His place of business, the Arcade Art Studio was less than a block away from the gymnasium on lower Boylston street and every Tuesday and Thursday nights, and Saturday afternoon, he would walk over to the Union to play handball, a rigorous game that required speed and agility, which he — nicknamed “Flash” in high school — excelled at, and played until he was well into his 80s.

For decades, streams of people hurrying by his studio in the basement of the Little Building to make their trolley at the Boylston Street MBTA station would slow down to see his latest works on display. Rocky Marciano, a legendary tightwad, shelled out $500 for the portrait that my father had done on his own of the heavyweight champion in the early 1960s. His portrait of Pope John Paul had hung in the windows of Jordan Marsh, the downtown department store, shortly before the Pontiff’s arrival in Boston in the late 1970s. The John F. Kennedy Library displayed his painting of the late president soon after its opening in 1979.

It’s difficult to put a dollar value on portraits that I was giving away. Since they were of friends, I am thinking my father charged the YMCU only a few hundred dollars for each portrait when he painted them in the 1970s. A closer estimate of each’s value might be $2,500, as that’s what the Massachusetts attorney general’s office paid him to paint a portrait of the late Paul McLaughlin, a state prosecutor who had been gunned down by a gang leader he was about to bring to trial in 1995.

The vividness of the portrait is stunning, and on seeing it for the first time McLaughlin’s father, Edward, a former Massachusetts lieutenant governor, was so touched by it that he asked a favor — before it was unveiled at an official ceremony at the State House, that he be allowed to take the painting home with him for the weekend.

“For the first time since Paul’s death, Ed was able to open up, and he did it by having a conversation with that painting. That’s how real it was,” Elizabeth McLaughlin, the slain prosecutor’s mother, told me at the unveiling ceremony later at the State House. The painting still hangs in the Attorney General’s office at the State House.

Although it had been 20 years ago, that testament was echoing in my ears after I took possession of the seven portraits and set out on my mission to get them in the hands of the families of the men shown. Even for me, a lifelong investigative reporter, it was not a simple task but with the assistance of two of my father’s old friends who had also been members of the Y, I learned the identities of the seven. Lisa Tuite, The Globe’s chief librarian whose research skills are legendary, was able to find obituaries on most and from there I connected with the next of kin.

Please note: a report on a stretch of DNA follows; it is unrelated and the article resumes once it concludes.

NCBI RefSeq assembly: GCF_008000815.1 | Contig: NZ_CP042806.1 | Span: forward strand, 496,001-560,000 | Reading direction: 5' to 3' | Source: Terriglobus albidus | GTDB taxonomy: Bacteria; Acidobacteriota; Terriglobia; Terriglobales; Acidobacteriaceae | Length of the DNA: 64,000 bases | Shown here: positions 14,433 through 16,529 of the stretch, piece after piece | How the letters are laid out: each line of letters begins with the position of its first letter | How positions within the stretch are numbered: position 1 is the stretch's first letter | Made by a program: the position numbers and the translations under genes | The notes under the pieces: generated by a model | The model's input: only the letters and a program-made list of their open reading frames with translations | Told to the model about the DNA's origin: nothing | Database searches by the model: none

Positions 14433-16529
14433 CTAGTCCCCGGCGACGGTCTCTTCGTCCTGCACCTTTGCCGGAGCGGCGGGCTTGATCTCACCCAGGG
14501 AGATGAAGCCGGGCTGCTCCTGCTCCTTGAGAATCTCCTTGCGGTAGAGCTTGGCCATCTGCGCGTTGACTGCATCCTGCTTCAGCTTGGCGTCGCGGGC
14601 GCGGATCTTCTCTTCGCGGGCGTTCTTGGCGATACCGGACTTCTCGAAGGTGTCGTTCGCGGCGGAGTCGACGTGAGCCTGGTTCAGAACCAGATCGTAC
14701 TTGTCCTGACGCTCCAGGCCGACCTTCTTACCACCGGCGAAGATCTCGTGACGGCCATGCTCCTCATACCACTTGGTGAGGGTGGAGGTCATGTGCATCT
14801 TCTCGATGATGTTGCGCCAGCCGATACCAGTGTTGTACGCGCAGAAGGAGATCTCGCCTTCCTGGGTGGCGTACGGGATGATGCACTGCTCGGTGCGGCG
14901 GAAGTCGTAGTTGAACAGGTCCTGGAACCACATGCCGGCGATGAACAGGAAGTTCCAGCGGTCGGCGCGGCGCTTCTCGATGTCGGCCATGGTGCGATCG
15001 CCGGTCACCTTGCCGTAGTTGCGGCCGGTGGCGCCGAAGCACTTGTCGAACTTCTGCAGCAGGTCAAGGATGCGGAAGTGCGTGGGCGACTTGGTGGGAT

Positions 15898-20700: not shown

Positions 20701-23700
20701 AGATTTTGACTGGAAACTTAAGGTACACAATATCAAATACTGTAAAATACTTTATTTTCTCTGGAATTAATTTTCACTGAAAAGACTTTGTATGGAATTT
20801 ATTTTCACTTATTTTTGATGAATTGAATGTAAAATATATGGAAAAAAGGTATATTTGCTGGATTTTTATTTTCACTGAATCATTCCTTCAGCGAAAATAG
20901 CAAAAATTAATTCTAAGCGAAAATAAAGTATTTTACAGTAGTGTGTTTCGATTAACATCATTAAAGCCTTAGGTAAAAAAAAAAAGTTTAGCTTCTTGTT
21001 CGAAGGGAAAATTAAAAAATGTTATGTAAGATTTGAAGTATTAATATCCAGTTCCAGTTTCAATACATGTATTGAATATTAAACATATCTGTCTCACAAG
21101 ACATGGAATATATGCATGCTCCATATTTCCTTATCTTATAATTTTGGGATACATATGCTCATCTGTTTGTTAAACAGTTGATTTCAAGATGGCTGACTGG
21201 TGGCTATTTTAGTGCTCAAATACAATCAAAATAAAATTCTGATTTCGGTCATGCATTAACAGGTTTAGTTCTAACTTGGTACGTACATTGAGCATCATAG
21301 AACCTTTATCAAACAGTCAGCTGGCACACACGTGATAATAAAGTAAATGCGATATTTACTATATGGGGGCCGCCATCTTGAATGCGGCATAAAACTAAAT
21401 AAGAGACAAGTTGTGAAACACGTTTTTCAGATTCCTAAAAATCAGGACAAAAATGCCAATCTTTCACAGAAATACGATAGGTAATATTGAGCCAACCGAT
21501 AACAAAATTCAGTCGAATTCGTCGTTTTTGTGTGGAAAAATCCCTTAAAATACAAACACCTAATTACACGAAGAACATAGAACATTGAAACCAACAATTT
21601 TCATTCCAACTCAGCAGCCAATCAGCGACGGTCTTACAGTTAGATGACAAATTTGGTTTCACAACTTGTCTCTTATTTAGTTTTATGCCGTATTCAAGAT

So far, I have returned three of the portraits, and am busy in tracking down the kin of the other four.

From the responses of the first two families I connected with, I knew that my impulse in getting the portraits into the hands of the kin of them men shown in the portraits had been the right one.

“It’s like I am getting my father home,” said Myrel Fishman of Chestnut Hill, when I turned the portrait of her father, Samuel J. Raphel, over to her. “After all these years, my father is coming home.”

Fishman had seen the painting once before when it was unveiled at the museum in 1971, several months after his death at age 64. A lawyer in Boston, who had grown up in Dorchester, Rachel had been a member of the YMCU for more than a quarter of a century and delighted in playing handball.

Sheldon Schwartz, who owns a leather goods store in Provincetown, was similarly thrilled to learn that the portrait of his grandfather, John Greenberg, would be given to his family. Schwartz and his brothers had seen the paintings on several occasions decades ago when their grandfather, a Jewish émigré from Lithuania who rose to become a successful leather merchant, would bring them into the YMCU for a workout.

After Greenberg’s death in 1963, Schwartz said he and his brothers called and visited the YMCU several times over the last 20 years to see if they could purchase the portrait but were told every time that the painting had disappeared.

“He was our family patriarch and this captures him so perfectly,” Schwartz said of portrait. “It’s our family’s heirloom and I think will be visiting many of our homes in the years to come.”

(Stephen Kurkjian is a retired reporter and editor for The Boston Globe and a founding member of The Globe’s investigative Spotlight Team. He shared in three Pulitzer Prizes as a member and editor of the team. Kurkjian has written extensively on the Armenian Genocide and is a board member of the National Association for Armenian Studies and Research. This story originally appeared on WCVB, Channel 5.)